FAMU-FSU College of Engineering Assistant Professor Kourosh Shoele has spent the early stages of his career going with the flow.
That is, in the eight years since receiving his doctorate from the University of California San Diego, he’s conducted extensive research on the interactions between fluid and solid structures — or flow interactions — in applications ranging from health care to renewable energy to biomechanics.
Now, Shoele has been recognized for his prodigious early career research output with the Defense Advanced Research Project Agency’s prestigious Young Faculty Award — an honor designed to identify and engage rising stars in junior research positions.
The Young Faculty Award will supply Shoele funding, introduce him and his cohort of recipients to urgent Department of Defense research needs and provide critical experience within DARPA’s program development process. With resources furnished by the Young Faculty Award initiative, Shoele plans to investigate new strategies for monitoring structures exposed to harsh environmental conditions.
“Unlike conventional techniques which only focus on the structure itself, we will look at the problem holistically and study how modifications in the structure affect the surrounding fields,” he said. “We will explore how to use minimal sensors to determine structural integrity and potential damage location and extent.”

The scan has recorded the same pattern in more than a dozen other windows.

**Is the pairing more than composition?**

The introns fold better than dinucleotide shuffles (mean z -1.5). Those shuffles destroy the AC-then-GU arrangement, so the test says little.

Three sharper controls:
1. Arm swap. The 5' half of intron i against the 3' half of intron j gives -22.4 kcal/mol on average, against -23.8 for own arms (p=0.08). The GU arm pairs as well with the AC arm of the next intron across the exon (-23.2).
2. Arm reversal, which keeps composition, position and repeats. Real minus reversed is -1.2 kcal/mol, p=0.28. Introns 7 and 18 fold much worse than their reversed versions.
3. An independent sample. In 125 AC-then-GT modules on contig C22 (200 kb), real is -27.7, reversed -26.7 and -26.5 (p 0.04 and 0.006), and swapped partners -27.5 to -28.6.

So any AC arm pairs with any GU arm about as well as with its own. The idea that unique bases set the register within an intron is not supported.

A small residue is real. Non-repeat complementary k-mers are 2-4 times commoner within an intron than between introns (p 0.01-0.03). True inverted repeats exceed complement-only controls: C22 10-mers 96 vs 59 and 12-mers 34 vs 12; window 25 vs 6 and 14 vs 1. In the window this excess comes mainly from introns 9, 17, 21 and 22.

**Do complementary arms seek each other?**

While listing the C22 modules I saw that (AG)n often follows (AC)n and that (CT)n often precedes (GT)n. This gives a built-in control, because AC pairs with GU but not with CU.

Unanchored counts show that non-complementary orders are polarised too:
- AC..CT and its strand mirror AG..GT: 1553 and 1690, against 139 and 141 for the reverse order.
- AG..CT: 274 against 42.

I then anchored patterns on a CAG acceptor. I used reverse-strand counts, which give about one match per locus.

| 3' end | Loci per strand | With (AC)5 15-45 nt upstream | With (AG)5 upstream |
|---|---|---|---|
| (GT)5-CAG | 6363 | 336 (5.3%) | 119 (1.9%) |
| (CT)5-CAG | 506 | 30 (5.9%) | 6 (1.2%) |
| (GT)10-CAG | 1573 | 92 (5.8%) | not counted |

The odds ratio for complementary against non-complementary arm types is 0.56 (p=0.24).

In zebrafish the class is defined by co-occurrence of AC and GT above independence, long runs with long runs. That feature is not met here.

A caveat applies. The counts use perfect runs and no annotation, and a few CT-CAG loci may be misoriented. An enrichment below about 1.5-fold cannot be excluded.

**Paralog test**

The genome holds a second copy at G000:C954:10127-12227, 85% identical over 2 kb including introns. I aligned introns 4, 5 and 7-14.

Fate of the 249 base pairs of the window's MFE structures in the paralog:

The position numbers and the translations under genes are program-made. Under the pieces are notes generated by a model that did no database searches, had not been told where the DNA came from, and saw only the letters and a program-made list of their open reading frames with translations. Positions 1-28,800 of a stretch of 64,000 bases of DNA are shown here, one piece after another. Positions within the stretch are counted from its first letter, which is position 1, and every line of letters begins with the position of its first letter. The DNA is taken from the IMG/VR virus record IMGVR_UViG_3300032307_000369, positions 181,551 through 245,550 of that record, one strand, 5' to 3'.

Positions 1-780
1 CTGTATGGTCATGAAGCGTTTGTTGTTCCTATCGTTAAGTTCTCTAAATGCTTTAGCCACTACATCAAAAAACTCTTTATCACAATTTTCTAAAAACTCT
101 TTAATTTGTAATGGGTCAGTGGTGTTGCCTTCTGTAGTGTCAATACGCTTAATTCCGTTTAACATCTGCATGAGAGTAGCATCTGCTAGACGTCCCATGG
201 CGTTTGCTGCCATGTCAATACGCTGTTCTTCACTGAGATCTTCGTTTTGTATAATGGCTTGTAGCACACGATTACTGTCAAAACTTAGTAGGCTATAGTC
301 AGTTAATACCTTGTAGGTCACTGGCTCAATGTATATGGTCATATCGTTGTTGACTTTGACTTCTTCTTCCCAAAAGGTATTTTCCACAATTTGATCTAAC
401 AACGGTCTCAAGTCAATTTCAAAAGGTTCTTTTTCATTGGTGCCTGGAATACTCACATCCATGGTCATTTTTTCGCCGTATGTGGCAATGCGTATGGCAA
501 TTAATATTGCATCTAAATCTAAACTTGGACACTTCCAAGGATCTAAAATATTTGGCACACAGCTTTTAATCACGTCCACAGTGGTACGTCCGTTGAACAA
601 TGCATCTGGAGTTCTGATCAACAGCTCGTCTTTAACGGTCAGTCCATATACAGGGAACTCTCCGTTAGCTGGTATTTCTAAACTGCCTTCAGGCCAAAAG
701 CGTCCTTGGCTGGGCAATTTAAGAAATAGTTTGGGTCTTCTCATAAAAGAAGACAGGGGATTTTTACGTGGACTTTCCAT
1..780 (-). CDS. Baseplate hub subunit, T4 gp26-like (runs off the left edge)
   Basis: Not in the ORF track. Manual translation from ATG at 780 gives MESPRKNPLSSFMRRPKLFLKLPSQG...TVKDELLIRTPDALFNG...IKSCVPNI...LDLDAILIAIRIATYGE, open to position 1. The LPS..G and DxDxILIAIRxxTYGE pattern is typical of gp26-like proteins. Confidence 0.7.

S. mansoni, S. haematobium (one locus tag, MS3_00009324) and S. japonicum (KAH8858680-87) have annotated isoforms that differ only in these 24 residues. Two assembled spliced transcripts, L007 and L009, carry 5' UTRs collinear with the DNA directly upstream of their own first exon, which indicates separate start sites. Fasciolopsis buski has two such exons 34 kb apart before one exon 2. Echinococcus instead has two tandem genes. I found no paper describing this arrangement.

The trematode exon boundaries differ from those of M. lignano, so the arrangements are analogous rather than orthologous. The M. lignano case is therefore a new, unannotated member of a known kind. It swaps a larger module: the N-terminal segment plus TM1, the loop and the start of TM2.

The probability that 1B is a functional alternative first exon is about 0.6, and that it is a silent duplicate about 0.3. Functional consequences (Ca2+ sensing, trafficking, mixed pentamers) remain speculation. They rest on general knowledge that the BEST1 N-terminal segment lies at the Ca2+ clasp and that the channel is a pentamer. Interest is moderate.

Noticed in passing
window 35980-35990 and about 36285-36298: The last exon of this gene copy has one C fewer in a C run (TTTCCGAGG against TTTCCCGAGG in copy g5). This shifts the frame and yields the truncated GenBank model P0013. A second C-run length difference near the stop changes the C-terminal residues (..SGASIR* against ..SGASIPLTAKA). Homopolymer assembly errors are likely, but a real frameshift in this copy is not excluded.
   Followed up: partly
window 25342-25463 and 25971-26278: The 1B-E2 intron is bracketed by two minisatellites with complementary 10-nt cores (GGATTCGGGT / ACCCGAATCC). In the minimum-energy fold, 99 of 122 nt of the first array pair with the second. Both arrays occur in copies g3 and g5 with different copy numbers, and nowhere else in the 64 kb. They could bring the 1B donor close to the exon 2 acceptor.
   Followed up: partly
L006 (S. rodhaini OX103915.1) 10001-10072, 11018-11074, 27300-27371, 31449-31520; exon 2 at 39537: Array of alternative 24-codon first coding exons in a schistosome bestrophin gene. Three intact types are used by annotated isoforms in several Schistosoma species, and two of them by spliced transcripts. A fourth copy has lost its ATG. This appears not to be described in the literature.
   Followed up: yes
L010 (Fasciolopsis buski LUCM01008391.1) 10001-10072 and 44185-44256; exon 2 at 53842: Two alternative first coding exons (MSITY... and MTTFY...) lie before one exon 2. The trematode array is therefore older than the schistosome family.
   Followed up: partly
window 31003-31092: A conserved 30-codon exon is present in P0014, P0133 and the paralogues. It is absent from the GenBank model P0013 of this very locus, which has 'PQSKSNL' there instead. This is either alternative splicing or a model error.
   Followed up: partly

FAMU-FSU College of Engineering Dean J. Murray Gibson said Shoele’s Young Faculty Award demonstrates the extraordinary success of his early career research agenda and the robust culture of excellence in research and creativity throughout the college.
“Young Faculty Awards are offered by federal funding agencies to jump start the careers of the most promising early career faculty,” Gibson said. “We are delighted that DARPA recognizes the great potential of Dr. Shoele and will offer him the opportunity to explore new research directions.”
Shoele said that startup support from Florida State and resources provided by the FSU Research Computing Center were vital in the development of his DARPA prize-funded project. He said staff and administrators from throughout the university also played pivotal roles in helping him secure this competitive national award.
“The help from the directors and staffs in the College of Engineering, the Florida Center for Advanced Aero-Propulsion and the Center for Advanced Power Systems was an important factor in our progress” he said. “Last but not least, the continuous support from the offices of the dean and associate dean for research at the College of Engineering has been essential in our success in receiving this award.”
The long-term goal of DARPA’s Young Faculty Award program is to develop the next generation of academic scientists, engineers and mathematicians who will focus significant portions of their careers on Department of Defense and national security issues. To learn more about the award, click here.